State Licensure: Quality Assurance or Trade Barrier?

When I moved to Washington from Maryland, it was a difficult transition. The worst part was getting to my new job earlier than anyone thought I could, but then having to sit around and wait for my license. I worked hard trying to familiarize myself with the organization as best I could. But it made me think … this post was written in 2008.


It is hard to believe that The Physician Executive has not yet received his new state license. It has been over six weeks, but physician readers will not be surprised. Fortunately, our insurers have already assured us that the moment the license is verifiable online, they will honor charges in his name.

In Maryland, the Board of Physicians says it takes 120 days to obtain a license (it usually goes faster). The last time I looked into California, it was over six months. States that decide they are over-doctored typically take longer than other states. There may be something to that, since I have heard of some primary care physicians having a hard enough time finding work that they are considering leaving California. But to be fair, I don’t know if a couple of anecdotes are worthy of calling it an established trend; I will be watching.

The reason it takes so long is something known as primary source verification. Licensing boards are diligent in verifying every employment situation, every hospital affiliation and every training site. Sometimes they go so far as to verify every locum situation as well. If a physician has worked for a single weekend covering a rural hospital, someone will want to verify it. Even thirty years later.

This needs to be done.

But it generates an awful lot of paperwork.

Since some of my former employers are closed, it creates challenges in identifying the correct individual to provide important verifications. Unsurprisingly, many Canadian residencies are less concerned with American credentialing than I am. My former internship site is apparently renovating and having trouble finding documents for some guy who left the country ten years ago.

Such is life.

The trail is long and I am a bit of a Donabedian groupie, so I don’t have a problem with primary source verification. However, there is an awful lot of overlap. There is the National Practitioner Database and the AMA, which offer some degree of triangulation, even though they are primarily a method of identifying complaints, lawsuits and other problems. Employers also do their own primary source verification, that way employers do not need to stay familiar with their state board’s processes. In one instance, the state board was able to obtain verification and the employer was not. The employer insisted on a signed affidavit.

Then there are the insurers. One company I am familiar with refuses to begin a credentialing process until everything is in the file. Then it takes them four months to review. Then they do not pay for any services provided during the credentialing process. I understand the importance of credentials verification, but this sounds a little like manipulating a process to their financial advantage. Yes, I am talking about you, Amerigroup. (Gratuitous stock advice: consider buying the stock, but never the insurance.)*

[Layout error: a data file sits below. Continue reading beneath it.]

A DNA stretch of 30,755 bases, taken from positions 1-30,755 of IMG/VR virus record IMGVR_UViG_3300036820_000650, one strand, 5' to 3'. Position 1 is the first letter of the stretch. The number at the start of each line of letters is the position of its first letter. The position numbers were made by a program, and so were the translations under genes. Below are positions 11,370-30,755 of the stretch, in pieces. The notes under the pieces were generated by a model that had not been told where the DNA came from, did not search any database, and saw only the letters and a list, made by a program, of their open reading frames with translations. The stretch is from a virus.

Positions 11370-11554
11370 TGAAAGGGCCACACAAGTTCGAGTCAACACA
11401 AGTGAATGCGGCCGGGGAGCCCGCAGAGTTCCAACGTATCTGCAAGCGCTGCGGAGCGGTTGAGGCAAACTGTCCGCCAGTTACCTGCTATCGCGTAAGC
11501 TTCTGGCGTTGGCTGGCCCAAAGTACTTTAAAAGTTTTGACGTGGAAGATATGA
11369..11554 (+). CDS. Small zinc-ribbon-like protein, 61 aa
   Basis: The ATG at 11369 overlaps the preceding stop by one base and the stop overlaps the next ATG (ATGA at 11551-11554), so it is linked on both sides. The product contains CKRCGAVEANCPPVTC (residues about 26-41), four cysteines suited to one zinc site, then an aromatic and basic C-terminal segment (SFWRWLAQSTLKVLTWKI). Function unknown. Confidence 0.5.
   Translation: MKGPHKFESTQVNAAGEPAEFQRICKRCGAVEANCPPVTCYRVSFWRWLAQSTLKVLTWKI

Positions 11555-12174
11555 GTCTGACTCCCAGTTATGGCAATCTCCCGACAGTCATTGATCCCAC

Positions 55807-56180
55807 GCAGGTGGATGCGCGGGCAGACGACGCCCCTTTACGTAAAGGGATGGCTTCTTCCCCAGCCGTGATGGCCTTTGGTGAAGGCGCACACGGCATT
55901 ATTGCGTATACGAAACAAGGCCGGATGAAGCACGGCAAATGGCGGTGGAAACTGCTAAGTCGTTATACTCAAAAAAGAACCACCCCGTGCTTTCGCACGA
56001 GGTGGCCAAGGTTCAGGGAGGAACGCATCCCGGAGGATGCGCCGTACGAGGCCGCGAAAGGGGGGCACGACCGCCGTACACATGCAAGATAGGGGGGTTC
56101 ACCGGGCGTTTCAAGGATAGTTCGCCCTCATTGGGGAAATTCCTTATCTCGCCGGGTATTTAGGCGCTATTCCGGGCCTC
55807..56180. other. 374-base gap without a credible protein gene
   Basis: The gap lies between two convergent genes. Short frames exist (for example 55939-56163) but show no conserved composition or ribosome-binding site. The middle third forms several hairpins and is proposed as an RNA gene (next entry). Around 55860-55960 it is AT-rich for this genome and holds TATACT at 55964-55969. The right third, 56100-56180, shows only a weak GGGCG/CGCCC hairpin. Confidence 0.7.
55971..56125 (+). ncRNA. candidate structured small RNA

I would never advocate the elimination of licensing requirements (if I hear someone quote Milton Friedman on the subject one more time, I will subject them to the merciless ridicule reserved for followers of cults, star energy, homeopathy and other quackery), but there are certainly some implications for a free market in health care. There isn’t one.

We could streamline licensing procedures and credentials verification across the country. The CAQH already has electronic tools to facilitate the credentialing process. It would open up interstate competition in health care. (In a subsidized environment, heath care is driven by practitioners, so the competition is between jurisdictions and employers to attract them, not between practitioners to attract customers.) The problem of mal-distribution of physician resources would likely continue, but there are a very few examples of regulatory incentives to encourage physicians not to settle in cities or suburbs. Physicians flock to nice places to live until they start going belly-up. Or working for MinuteClinics.

As it stands, as a CMO, I am competing with much wealthier jurisdictions and facilities and then faced with an outsized regulatory burden to verify my practitioner’s credentials and facilitate our payer’s verifications. Moreover, the barriers to interstate movement of the medical labor force is at a level that makes me think of protectionist trade barriers.

I hope to see my first patient next week.

*I suppose there should be a disclaimer about the fact that my comment is meant sarcastically and not intended to represent real stock advice etc etc, but I assume that my readers are intelligent enough to figure that out for themselves. Caveat emptor.